The arts became a significant focus of the center, then called Playhouse Settlement (it took on its current name, a Swahili word meaning "a joyful gathering place," in the early 1940s). From the 1930s to the '70s, Karamu was a magnet for black artists, gradually acquiring its reputation as a center for African-American arts, since most other institutions of the time were closed to them. Among those who worked there were renowned poet-playwright Langston Hughes, Ron "Superfly" O'Neal, Robert Guillaume of Soap and Benson fame, and American Idol vocal coach Debra Byrd.

After attending college in his native Houston, Spivey decamped for New York, where he spent 18 years working in hotels and pursuing acting. In 2001, he organized a theater company to bring together African Americans and Hispanics in his Harlem neighborhood. He found a sense of empowerment as a producer/director that he never knew as an actor.

It was around that time that Spivey recalled the progressive black theater in Cleveland he had heard about so many years before."I thought, let me see if Karamu is around. I looked at the website at what they were working on for the season. All the plays except one had "director to be announced." I e-mailed them, and they said, 'Send us a résumé.' I wasn't looking to be a guest director; just browsing to see what was going on. But they asked me to come direct Little Tommy Parker. It was as if they were foreshadowing me as artistic director."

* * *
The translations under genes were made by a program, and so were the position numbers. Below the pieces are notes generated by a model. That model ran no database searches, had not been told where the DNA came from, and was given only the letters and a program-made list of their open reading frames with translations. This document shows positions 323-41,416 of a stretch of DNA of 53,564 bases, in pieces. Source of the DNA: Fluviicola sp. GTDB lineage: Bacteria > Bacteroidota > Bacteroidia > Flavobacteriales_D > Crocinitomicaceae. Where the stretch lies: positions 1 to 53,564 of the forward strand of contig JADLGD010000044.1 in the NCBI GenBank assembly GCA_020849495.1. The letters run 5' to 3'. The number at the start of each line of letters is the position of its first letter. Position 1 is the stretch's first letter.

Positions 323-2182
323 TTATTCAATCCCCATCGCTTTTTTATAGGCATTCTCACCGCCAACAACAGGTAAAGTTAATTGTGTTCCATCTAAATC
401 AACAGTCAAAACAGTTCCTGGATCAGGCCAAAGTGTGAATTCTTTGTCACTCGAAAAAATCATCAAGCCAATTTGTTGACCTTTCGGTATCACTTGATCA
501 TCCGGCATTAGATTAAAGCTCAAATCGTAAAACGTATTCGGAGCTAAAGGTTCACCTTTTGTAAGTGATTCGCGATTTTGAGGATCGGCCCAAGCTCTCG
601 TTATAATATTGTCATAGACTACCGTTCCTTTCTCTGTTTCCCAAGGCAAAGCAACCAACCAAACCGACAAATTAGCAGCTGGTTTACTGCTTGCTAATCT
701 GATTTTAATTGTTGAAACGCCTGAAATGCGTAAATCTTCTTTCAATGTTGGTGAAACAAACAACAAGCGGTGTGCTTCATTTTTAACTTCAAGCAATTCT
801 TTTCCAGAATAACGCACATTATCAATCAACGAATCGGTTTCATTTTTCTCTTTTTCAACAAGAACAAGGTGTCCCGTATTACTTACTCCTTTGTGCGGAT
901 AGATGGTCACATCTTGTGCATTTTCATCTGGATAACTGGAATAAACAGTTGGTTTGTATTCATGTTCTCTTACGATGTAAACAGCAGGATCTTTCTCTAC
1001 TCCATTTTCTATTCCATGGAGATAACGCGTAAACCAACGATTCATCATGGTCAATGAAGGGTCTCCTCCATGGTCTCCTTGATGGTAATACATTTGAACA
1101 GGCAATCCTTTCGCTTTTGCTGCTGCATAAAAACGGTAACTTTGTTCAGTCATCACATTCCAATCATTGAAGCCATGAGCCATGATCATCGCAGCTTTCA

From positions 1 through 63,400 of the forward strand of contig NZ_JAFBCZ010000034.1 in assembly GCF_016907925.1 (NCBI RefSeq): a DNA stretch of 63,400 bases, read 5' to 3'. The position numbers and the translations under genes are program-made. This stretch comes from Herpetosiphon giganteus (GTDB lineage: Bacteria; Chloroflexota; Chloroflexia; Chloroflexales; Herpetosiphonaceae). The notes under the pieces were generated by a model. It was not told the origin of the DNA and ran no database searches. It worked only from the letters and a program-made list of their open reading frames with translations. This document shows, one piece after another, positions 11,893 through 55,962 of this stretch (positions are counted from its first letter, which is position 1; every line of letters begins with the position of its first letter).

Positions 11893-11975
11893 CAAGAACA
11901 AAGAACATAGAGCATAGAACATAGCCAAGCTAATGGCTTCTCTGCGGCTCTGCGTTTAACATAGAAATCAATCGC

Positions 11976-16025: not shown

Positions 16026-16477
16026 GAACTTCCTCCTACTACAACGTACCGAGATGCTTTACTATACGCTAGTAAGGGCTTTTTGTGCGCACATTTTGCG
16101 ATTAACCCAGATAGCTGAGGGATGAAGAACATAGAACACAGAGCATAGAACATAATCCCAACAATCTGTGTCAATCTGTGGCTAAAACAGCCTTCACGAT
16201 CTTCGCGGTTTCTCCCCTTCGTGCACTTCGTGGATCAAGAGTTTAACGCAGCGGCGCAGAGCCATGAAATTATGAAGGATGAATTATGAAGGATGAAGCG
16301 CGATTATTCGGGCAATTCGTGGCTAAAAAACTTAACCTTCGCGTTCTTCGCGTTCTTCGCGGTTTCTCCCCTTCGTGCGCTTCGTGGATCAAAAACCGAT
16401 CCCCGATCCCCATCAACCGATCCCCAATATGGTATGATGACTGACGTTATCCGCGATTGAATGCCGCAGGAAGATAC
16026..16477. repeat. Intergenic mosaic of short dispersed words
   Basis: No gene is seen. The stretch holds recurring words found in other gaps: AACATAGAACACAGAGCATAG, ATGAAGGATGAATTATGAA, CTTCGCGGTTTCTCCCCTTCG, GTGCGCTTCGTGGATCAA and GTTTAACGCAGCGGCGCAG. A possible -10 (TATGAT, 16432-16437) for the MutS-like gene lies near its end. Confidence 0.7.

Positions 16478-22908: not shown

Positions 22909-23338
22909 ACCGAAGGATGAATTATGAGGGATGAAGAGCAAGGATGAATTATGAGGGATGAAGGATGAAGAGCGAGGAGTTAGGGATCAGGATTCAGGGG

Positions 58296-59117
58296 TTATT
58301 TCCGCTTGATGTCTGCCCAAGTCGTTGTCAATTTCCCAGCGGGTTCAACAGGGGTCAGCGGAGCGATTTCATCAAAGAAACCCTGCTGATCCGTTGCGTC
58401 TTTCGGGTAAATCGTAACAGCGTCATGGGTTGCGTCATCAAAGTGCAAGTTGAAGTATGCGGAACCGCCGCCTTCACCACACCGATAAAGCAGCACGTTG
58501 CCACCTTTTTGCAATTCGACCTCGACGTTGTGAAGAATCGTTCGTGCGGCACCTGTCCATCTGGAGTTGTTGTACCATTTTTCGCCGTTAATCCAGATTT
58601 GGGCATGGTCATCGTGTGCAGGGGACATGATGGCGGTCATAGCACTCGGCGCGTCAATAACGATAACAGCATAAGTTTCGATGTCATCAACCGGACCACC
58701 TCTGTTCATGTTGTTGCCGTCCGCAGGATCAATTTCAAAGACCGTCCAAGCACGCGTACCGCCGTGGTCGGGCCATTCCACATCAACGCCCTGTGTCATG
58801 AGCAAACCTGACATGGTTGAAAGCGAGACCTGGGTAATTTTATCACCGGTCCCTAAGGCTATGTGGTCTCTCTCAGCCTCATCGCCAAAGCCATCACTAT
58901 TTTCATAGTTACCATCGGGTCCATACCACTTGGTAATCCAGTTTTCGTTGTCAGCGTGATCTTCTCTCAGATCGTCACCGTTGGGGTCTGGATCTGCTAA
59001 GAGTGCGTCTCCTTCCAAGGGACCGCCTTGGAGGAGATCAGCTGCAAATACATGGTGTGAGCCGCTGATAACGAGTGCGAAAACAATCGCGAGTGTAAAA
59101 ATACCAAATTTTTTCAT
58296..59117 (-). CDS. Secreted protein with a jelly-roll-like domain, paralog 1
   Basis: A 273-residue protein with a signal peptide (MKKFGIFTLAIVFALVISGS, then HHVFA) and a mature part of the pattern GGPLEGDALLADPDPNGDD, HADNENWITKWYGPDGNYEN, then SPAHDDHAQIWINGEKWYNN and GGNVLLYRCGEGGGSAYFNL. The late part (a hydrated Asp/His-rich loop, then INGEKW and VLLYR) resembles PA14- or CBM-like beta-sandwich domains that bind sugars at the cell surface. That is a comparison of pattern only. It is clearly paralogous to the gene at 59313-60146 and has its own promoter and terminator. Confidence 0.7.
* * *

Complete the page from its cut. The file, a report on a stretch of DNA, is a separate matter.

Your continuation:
At the time, Gerry McClamy was Karamu's executive director, following in the footsteps of the more artistically inclined Margaret Ford Taylor in 1996. McClamy had been trying to serve as the theater's director as well, despite her lack of background in the art form. It was not a period of great artistic strides, but it kept the bottom line in shape.

"Gerry McClamy's idea was, everything should be fiscally responsible, that no money should be wasted," remembers James Workman, a former Karamu employee who wore many hats there in two stints between 1997 and 2008. "You only have 100 seats in the theater, and that's not going to help your cause as far as making money. But she did a good job of keeping Karamu afloat financially and also keeping productions going."

Longtime Cleveland theater critic and playwright Linda Eisenstein, who attended Karamu as a teenager in the '60s, remembers the pre-Spivey years: "Karamu was just barely on life support. The foundations, as far as I can tell, were about ready to give up on it. The quality was not very high, and they were doing an attenuated season — bringing back Black Nativity once a season and doing maybe another play or two. The theater was pretty much in disarray."

By 2003, McClamy recognized the problem and quickly eyed the solution in Spivey. Before the run of Little Tommy Parker was over, she'd extended an invitation for him to stay in Cleveland.